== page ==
Despite its aggressive playfulness, VJFB works hard to get it right. The company makes many of its own mock meats and builds dishes with a careful authenticity. The VJFBBQ Heppi Ribs burger sees savory, moist ribs smattered with “Hot Spicy Chick’’ sauce, plus lettuce and pickles, piled on pink and black buns. The Fizz XO—a crispy cod-like patty with tender flaky flesh on a black bun with “Pinky Garlic’’ sauce—was the best-tasting vegan fish patty I have ever tried.

Finally, deep in the charming Gràcia neighborhood, on a plaza fronted by a 19th-century stone church, I discovered the unassuming gelato shop AMMA Gelato that epitomizes the combination. “We aim to be the best in the city, vegan or not,” says founder Arthur Mudde. AMMA’s classic but unpretentious menu features both refreshing simplicity (the house cacao gelato is made with just Ecuadorian cacao, dates, and water) and enough creativity to pique one’s interest (the Avo-Coco-Lime conjures up tropical islands and is advertised to the flavor-curious).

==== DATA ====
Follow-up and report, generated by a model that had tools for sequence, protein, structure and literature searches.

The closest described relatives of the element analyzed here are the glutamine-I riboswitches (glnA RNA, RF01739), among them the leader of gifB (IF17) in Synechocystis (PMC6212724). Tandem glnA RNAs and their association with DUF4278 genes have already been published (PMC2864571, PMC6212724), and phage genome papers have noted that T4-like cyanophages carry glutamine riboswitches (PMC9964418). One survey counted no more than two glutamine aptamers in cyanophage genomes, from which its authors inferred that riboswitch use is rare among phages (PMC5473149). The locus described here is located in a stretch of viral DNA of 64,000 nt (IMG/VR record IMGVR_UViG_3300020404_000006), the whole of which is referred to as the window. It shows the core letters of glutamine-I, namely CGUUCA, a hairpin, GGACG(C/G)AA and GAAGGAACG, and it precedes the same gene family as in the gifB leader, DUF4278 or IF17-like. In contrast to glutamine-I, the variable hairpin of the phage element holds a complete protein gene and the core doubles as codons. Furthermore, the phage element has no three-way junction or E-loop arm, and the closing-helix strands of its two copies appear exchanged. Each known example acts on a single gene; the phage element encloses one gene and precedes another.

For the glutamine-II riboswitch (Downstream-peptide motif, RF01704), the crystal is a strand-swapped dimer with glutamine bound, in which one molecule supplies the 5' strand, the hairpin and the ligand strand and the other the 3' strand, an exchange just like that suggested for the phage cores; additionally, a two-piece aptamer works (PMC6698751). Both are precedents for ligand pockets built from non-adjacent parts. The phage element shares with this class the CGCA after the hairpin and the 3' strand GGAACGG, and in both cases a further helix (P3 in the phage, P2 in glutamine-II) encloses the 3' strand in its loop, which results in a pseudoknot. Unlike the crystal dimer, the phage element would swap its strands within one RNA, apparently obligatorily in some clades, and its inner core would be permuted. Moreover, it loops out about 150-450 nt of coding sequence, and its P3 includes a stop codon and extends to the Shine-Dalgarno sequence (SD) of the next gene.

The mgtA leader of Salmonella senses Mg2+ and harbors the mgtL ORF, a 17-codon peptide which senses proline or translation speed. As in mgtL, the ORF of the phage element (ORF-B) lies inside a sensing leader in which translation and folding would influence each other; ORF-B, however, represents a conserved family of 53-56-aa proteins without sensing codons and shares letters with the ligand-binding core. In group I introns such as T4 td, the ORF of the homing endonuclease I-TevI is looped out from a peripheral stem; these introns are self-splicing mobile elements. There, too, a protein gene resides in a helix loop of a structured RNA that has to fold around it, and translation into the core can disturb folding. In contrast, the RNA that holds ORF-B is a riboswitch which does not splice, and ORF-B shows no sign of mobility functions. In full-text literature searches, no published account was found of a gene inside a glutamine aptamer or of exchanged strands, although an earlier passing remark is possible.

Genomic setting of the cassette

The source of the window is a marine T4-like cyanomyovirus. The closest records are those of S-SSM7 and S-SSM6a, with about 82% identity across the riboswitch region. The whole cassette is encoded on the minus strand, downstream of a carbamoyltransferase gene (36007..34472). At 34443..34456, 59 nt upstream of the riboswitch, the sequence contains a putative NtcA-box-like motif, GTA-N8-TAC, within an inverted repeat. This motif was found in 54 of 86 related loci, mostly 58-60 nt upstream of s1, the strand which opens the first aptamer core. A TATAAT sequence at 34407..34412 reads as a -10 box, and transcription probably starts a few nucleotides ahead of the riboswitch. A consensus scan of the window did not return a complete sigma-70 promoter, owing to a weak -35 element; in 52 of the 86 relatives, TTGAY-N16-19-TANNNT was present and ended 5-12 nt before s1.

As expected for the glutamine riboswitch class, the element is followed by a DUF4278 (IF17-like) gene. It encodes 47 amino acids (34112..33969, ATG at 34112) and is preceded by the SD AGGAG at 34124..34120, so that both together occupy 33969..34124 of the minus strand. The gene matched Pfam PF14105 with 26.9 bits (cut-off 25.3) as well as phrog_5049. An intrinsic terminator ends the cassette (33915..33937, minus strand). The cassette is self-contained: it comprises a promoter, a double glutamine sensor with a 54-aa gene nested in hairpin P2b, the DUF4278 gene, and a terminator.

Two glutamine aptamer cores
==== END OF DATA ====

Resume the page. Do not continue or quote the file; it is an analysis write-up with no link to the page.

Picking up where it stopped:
Sitting on the steps of the church, licking pensively at my cone of choice—Sicilian pistachio—I watched kids kick a ball around under leafy plane trees as golden late afternoon light spilled through the plaza. Their laughter echoed through the square the way the rich nutty sweetness of the gelato pirouetted across my tongue. It was the flavor of Barcelona itself.